As the Baby Boom generation ages, osteoporosis—a disorder where bones become porous and lose density and strength—is becoming a serious threat. The National Osteoporosis Foundation estimates that by 2020, over 60 million Americans will suffer from osteoporosis and low bone mass.1
“And that’s a problem, because osteoporosis is such a big risk factor for hip fractures,” says registered dietician, Janet R. Mertz, MS, RD, CDE, CPT., a contributor to Voskos Greek Yogurt’s “What’s Fresh” blog. Her suggestion? Add Greek yogurt to your diet. “It offers a good source of calcium and is even safe for those who are lactose intolerant. In fact, a serving of Voskos Plain Non-Fat Greek yogurt includes 20% of the recommended daily value of calcium,” explains Mertz.
People who have problems digesting dairy products are more likely to suffer from calcium deficiencies, which raises their risk of osteoporosis. 2 According to Mertz, “Look for authentic Greek yogurt. The straining process is found in authentic Greek yogurt whereby excess whey and casein are removed. This method yields less sugar, carbohydrates, and lactose so those who are lactose intolerant can truly enjoy Greek yogurt.”
Mertz, a nutritionist who specializes in geriatrics nutrition and healthy aging, adds, “After menopause, women tend to lose bone mass at an accelerated rate, which can lead to fractures and the inability to be as active as we would prefer.” One study showed that forty percent of hip fracture patients are unable to walk independently, and six in ten still need help walking a year later. 3 “But hip fractures aren’t just painful and debilitating—they can increase mortality rates by up to 20% in the first year after a hip fracture,” says Mertz. According to some studies, there may be a greater risk of dying for up to five years afterwards.4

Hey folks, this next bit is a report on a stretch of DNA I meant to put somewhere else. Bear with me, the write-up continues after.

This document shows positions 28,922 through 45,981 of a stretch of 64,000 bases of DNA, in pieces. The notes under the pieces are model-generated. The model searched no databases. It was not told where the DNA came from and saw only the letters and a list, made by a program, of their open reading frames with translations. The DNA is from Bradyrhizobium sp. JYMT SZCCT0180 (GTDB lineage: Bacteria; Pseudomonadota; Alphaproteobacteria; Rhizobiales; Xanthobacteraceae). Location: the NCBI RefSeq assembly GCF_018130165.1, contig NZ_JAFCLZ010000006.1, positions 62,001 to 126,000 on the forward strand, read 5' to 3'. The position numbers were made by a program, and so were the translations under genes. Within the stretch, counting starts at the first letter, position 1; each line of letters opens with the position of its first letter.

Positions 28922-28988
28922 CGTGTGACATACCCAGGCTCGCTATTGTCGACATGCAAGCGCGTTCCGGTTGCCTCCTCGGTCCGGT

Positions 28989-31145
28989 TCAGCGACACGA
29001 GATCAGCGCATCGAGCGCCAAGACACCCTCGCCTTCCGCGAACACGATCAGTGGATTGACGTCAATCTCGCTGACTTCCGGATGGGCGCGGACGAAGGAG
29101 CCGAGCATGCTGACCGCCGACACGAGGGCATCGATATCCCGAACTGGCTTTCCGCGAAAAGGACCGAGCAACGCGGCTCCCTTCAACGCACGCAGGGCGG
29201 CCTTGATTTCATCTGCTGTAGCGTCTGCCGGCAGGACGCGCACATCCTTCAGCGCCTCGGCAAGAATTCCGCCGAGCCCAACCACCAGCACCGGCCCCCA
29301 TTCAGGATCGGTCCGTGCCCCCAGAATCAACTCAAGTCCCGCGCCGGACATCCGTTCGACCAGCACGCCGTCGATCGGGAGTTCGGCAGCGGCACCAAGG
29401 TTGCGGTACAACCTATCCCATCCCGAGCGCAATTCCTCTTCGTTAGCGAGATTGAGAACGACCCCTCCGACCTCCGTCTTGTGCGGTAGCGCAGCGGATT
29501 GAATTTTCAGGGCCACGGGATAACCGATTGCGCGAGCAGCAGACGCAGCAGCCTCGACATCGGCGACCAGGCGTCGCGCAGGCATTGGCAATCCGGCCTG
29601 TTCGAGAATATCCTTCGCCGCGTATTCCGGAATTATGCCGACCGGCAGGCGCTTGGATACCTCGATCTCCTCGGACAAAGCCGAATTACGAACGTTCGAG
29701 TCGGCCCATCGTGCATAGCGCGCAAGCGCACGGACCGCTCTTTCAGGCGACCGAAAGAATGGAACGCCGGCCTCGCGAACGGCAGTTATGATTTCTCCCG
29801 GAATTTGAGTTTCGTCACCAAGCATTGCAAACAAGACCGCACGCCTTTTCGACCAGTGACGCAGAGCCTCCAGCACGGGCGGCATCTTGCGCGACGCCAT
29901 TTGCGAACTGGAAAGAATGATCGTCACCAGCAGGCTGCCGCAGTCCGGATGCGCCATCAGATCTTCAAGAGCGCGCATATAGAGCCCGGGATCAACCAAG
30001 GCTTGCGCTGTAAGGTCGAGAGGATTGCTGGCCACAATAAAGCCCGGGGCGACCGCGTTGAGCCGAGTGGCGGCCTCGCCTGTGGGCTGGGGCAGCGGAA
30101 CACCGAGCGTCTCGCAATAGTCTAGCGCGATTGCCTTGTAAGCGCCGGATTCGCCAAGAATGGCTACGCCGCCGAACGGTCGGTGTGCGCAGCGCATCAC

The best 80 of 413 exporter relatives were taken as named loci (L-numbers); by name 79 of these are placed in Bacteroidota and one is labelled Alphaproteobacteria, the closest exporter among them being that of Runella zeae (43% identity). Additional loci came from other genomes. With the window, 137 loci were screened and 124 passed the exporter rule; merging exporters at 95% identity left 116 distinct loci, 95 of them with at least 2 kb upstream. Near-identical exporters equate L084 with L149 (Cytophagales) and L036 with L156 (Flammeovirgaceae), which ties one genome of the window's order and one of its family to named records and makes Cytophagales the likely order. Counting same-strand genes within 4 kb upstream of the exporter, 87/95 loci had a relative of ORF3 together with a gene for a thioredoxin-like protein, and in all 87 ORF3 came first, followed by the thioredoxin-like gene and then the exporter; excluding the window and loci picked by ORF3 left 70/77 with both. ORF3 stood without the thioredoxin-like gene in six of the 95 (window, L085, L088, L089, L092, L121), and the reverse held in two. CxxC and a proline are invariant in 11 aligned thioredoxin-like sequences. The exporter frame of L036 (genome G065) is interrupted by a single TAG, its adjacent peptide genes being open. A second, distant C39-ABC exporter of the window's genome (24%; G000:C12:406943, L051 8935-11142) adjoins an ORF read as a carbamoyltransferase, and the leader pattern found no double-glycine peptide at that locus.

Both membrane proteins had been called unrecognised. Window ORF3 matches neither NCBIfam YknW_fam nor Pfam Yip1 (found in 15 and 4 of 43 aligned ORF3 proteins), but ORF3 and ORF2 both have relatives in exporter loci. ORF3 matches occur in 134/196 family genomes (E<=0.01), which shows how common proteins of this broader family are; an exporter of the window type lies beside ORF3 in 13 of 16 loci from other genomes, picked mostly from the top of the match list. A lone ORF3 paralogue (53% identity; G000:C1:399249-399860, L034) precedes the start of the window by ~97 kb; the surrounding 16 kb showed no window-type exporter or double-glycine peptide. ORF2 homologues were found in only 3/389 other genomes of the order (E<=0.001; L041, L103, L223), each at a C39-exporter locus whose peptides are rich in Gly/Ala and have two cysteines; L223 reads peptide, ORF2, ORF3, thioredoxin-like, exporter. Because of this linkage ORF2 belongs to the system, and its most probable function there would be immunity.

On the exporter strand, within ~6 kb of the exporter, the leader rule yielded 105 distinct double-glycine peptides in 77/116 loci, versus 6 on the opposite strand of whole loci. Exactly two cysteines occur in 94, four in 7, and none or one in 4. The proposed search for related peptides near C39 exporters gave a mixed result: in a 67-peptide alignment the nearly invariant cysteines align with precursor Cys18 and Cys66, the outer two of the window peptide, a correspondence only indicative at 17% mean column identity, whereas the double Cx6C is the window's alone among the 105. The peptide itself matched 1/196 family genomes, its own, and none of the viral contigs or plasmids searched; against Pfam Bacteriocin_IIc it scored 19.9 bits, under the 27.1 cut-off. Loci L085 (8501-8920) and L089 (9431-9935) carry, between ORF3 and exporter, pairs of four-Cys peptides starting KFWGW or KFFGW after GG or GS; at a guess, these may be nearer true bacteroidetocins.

The higher protein content of Voskos Greek yogurt also makes it a good choice for fighting osteoporosis. One study of the elderly showed that a higher dietary protein intake was associated with a lower rate of age-related bone loss.5 “Voskos Greek Yogurt is my choice because it has up to 24 grams of protein per serving, which means twice as much protein as traditional yogurt,” shares Mertz
“Greek yogurt has a thick consistency, plus you can make it as sweet as you like,” says Mertz. “My favorite is Voskos Plain Non-Fat Greek yogurt. Add some fruit, your choice of ‘sweetener’, and maybe top it off with some granola and you have a great dessert or morning meal.” More Greek yogurt recipes are available at Voskos.com.
Voskos Greek Yogurt has been recognized in food contests presented by Self, Fitness, Women’s Health, Vegetarian Times, Natural Solutions, and Cooking Light magazine. It is also a triple gold winner of the 2010 Los Angeles International Dairy Competition.
About Voskos Greek Yogurt
Award-winning for its thick, rich taste and nutritional value, Voskos Greek Yogurt is all-natural, hormone-free, and gluten-free and Kosher certified. Through Voskos’ proprietary ProStrain™ method, Voskos yields two times more protein, more probiotics, less lactose, and a thicker, creamier consistency. Voskos is the only brand to offer an organic Greek yogurt line in addition to its all-natural plain and blended flavors and never has “fruit on the bottom.” Available nationwide, Voskos Greek Yogurt retails for $1.59 for 5.3 oz varieties at Kroger, Safeway, Bi-Lo, Whole Foods, Sprouts, and more. For store locations, healthy Greek yogurt recipes and to download a coupon, visit voskos.com today.
About Janet Mertz, Janet R. Mertz, MS, RD, CDE, CPT
Janet Mertz is a diabetes educator, wife of a Type-1 diabetic and mother who enjoys helping educate people on nutrition and healthy lifestyle.
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1. NOF (2002) America’s bone health: the state of osteoporosis and low bone mass in our nation.
2. Obermayer-Pietsch BM, Bonelli CM, Walter DE, et al. (2004) Genetic predisposition for adult lactose intolerance and relation to diet, bone density, and bone fractures. J Bone Miner Res 19:42.
3. Leibson CL, Tosteson AN, Gabriel SE, et al. (2002) Mortality, disability, and nursing home use for persons with and without hip fracture: a population-based study. J Am Geriatr Soc 50:1644.
4. Magaziner J, Lydick E, Hawkes W, et al. (1997) Excess mortality attributable to hip fracture in white women aged 70 years and older. Am J Public Health 87:1630.
5. Hannan MT, Tucker KL, Dawson-Hughes B, et al. (2000) Effect of dietary protein on bone loss in elderly men and women: the Framingham Osteoporosis Study. J Bone Miner Res 15:2504.
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